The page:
For this reason, a new program is needed to train native Saudi midwife nurses who have the professional capability of undertaking natal, antenatal, and postnatal responsibilities. According to Sweidan et al. (2008), during childbirth, both social and professional supports are important, and thus, incorporating the new curriculum is paramount. They should be able to support women in childbirth as Hodnett et al. (2007) highlighted that who had continuous support during labor are more likely to have slightly shorter labor, be more satisfied, have a better childbirth experience, as well as have a lesser likelihood of having pain medications.
As such, the research gap is that there has not been substantial research pertaining to the inclusion of a better curriculum that will mitigate the problem of shortage in midwives in Saudi Arabia. Proposing a new curriculum is vital as it will ensure that more graduates pursue midwife curriculum, and upon graduating, eliminate the shortage, as well as eliminate to hire midwives from other countries.
What are the factors that contribute to the shortage of local midwives in Saudi Arabia?
What are the risk factors for women and newborns that could be mitigated by a new curriculum?
What are the aspects that should be included in the proposed new curriculum for midwife nurses to eliminate the risk factors?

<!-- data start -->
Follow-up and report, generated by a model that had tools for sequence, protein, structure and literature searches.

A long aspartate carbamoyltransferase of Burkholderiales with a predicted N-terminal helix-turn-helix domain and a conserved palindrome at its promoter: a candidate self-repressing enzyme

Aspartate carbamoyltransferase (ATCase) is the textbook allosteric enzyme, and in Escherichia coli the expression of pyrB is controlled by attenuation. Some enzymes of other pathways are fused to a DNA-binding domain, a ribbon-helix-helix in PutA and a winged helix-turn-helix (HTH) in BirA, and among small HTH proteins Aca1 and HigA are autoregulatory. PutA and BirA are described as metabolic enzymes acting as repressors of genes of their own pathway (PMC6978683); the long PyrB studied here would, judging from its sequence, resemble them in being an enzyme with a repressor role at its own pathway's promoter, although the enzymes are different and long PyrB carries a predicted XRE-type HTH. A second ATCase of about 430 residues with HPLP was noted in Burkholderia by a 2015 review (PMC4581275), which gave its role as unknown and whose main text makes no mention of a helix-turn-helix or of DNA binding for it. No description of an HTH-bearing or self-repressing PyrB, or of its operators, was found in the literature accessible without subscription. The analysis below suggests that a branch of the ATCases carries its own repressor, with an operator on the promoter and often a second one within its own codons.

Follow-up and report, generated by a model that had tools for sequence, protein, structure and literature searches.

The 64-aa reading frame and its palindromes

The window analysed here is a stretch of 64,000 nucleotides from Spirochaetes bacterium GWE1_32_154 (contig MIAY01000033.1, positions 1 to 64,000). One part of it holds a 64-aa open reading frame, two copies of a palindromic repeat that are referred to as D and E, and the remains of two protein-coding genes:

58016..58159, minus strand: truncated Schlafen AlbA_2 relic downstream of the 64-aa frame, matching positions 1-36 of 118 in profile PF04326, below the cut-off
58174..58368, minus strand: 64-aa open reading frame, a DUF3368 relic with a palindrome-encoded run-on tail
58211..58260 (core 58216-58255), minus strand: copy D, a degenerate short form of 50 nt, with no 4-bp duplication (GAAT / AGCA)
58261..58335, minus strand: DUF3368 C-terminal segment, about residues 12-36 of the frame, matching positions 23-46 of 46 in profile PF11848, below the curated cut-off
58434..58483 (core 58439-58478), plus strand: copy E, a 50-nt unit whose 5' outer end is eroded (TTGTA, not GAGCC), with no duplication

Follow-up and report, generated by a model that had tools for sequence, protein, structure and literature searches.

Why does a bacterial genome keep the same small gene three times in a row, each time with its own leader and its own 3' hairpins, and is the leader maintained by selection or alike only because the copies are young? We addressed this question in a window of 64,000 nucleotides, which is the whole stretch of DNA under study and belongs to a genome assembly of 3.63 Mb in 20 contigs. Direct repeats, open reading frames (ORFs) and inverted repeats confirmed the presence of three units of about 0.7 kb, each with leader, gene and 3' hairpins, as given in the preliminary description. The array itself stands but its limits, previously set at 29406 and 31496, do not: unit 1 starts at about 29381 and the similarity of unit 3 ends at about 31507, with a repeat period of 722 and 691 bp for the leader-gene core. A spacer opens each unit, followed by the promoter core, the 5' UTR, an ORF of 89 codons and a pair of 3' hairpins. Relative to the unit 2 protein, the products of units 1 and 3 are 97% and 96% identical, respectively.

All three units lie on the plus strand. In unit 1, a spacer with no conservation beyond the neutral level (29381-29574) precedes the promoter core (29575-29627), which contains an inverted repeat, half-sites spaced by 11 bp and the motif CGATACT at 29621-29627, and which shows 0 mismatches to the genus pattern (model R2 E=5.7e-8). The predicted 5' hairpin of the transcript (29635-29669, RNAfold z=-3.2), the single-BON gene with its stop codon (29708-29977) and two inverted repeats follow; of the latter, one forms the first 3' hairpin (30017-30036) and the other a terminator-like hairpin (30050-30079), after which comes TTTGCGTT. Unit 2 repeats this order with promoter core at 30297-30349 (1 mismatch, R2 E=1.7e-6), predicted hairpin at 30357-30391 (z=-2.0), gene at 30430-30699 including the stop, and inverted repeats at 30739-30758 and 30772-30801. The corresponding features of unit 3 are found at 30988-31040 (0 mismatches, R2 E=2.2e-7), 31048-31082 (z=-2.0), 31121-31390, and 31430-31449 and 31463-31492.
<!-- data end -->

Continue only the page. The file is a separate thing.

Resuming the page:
What is the importance of new curriculum for midwife nurses?
Altaweli, R. F., McCourt, C. & Baron, M. (2014). Childbirth care practices in public sector facilities in Jeddah, Saudi Arabia: A descriptive study. Midwifery, 30(7), pp. 899-909. doi:10.1016/j.midw.2014.03.006
Hodnett, E. D., Gates, S., Hofmeyr, G. J., & Sakala, C. (2007). Continuous support for women during childbirth. Cochrane Database Syst Rev, (3).
Howaida A., Nadia A. & Jehan M., (2012). Competence of Midwives versus Non-Midwives Nurses Regarding Postnatal Care in Saudi Arabia. Journal of American Science 2012, 8(12), 217-222
Sweidan, M., Mahfoud, Z., DeJong, J., (2008). Hospital policies and practices concerning normal childbirth in Jordan. Studies in Family Planning, 39, 59-68.
World Health Organization (WHO), 2011. World Health Statistics. Accessed May 25, 2013. Available at: http://www.who.int/whosis/whostat/EN_WHS2011_Full.pdf
World Health Organization (WHO), 2012. World Health Statistics. Accessed May 25, 2013. Available at: http://apps.who.int/iris/bitstream/10665/44844/1/9789241564441_eng.pdf